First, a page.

The major broadcast networks (ABC, CBS & NBC) have cable networks (USA, SiFi, FX, ect.), superstations (TNT,TBS & WGN), and subscription channels (Showtime, HBO, ect.) with which to compete. Not to mention all the specialty cable channels some of which are represented below. 

As you can see just from this small sample, TV viewing choices these days number in the hundreds. 

Netflix, Hulu, DVRs, "On Demand" and complete series on DVD allows a person the option to "customize" their viewing and optimize their free time. They can watch a single episode program or "binge watch" their favorite shows when they have the time. Not to mention the privilege of mobility that technology has given them. 

But back in the 1970s, when I was a teenager and probably up until 1997 when "Seinfeld" ended, the major broadcast networks focused on strategically grouping programs, placed the the correct time slots, on the appropriate night of the week to attract viewers. 

Believe it or not at one time there was only the "big 3" TV networks. 

Executives that ran those major TV outlets were consistently searching for that elusive 3 hour block of prime time programming that would persuade Mr. & Mrs. America to park themselves in front of their one and only TV set. It was even better if the entire family sat down to watch together.  

At one time the typical family had just one TV in their home; usually the centerpiece of the living room or main family gathering place in the house. They used to be called "sets" because the components needed to bring all the network stars into the home basically consisted of tubes and transistors mounted in a chassis, a picture tube, and a rather large speaker. These components took up quite a bit of room so they were mounted and housed in a rather large cabinet.  

Manufacturers of TVs in the 50's thru the 80's made TVs intended to be part of a home's decor; a piece of furniture if you will. Here's an example of what they looked like circa 1970:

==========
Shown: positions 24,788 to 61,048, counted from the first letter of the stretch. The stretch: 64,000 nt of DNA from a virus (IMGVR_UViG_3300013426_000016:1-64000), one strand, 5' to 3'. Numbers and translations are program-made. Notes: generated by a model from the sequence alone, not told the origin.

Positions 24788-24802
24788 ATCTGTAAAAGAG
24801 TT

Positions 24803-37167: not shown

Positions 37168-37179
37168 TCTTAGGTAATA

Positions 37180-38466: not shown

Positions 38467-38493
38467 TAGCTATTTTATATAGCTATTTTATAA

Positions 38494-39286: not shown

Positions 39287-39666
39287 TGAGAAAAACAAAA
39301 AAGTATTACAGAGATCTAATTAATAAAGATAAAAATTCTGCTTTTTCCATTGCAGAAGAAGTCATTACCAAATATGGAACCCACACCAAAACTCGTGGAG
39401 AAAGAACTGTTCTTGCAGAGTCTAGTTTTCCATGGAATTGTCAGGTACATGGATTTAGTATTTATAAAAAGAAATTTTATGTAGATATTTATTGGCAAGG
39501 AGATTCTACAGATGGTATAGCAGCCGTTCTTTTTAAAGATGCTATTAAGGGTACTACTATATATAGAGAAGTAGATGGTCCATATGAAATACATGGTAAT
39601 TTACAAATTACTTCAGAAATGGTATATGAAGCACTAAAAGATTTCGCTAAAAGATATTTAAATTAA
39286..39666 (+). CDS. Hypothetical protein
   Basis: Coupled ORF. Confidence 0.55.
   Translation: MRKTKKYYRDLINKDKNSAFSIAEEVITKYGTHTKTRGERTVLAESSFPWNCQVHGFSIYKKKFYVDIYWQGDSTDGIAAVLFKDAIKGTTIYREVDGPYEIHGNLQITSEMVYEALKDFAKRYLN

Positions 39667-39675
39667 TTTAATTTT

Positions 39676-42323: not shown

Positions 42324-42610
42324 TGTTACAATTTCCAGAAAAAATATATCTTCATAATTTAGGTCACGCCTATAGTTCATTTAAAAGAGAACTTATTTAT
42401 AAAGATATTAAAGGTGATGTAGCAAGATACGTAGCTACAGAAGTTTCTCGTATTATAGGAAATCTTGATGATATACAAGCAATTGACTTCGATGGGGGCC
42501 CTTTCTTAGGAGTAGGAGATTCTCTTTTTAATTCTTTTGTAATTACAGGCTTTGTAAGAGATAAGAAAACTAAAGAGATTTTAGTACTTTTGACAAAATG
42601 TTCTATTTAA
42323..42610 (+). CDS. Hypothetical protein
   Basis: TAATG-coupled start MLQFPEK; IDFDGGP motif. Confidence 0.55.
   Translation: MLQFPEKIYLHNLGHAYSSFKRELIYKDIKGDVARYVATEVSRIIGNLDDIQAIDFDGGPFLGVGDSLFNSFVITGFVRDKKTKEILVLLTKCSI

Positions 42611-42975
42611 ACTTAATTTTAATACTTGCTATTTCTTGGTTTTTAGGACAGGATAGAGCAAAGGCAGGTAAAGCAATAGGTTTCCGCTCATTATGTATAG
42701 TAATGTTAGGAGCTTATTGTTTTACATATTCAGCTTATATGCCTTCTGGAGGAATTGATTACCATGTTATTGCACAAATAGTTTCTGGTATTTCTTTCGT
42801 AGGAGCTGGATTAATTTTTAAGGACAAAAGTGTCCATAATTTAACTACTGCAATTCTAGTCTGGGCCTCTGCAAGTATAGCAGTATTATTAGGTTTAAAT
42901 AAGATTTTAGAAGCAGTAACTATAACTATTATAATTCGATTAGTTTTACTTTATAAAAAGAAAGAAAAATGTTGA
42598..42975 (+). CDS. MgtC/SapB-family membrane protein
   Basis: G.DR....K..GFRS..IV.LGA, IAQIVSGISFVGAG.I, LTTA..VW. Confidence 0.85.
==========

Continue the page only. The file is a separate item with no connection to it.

Now let's get back to my main subject.

By the time the 1960's came around 90% of US homes had a TV set. 

The networks' goal was to get the viewers to sit down after dinner, turn on their early evening newscast and,remain fully entertained, not touching the dial (aka changing the channel) until they got up and turned it off after watching the late night local news and heading to bed. In the days before remote control you had to actually get up and change the channel by turning a dial on the front of the set.

In TV's early days the 50's and early 60's, Saturday, and Sunday nights were the main focus for effective programming blocks.

By the time the late 70s, 80s & 90s came along, when the baby boomers really came into their own, the placing of blocks of popular programs shifted to weeknights. 

Reason being that on weekends the coveted demographic of 18-35 year old viewers were usually either on dates, out visiting friends, or otherwise occupied with family activities. 

The early hours of Sunday night usually had family friendly programming because that's when parents were home getting their kids ready to go back to school the next morning. 

Later Sunday night programming was filled with shows that "mom & dad" might enjoy during their brief time alone before the start of another work week. 

Near the end of the 1960s and into the early 70s, network programmers faced a new challenge, especially when it came to TV comedies.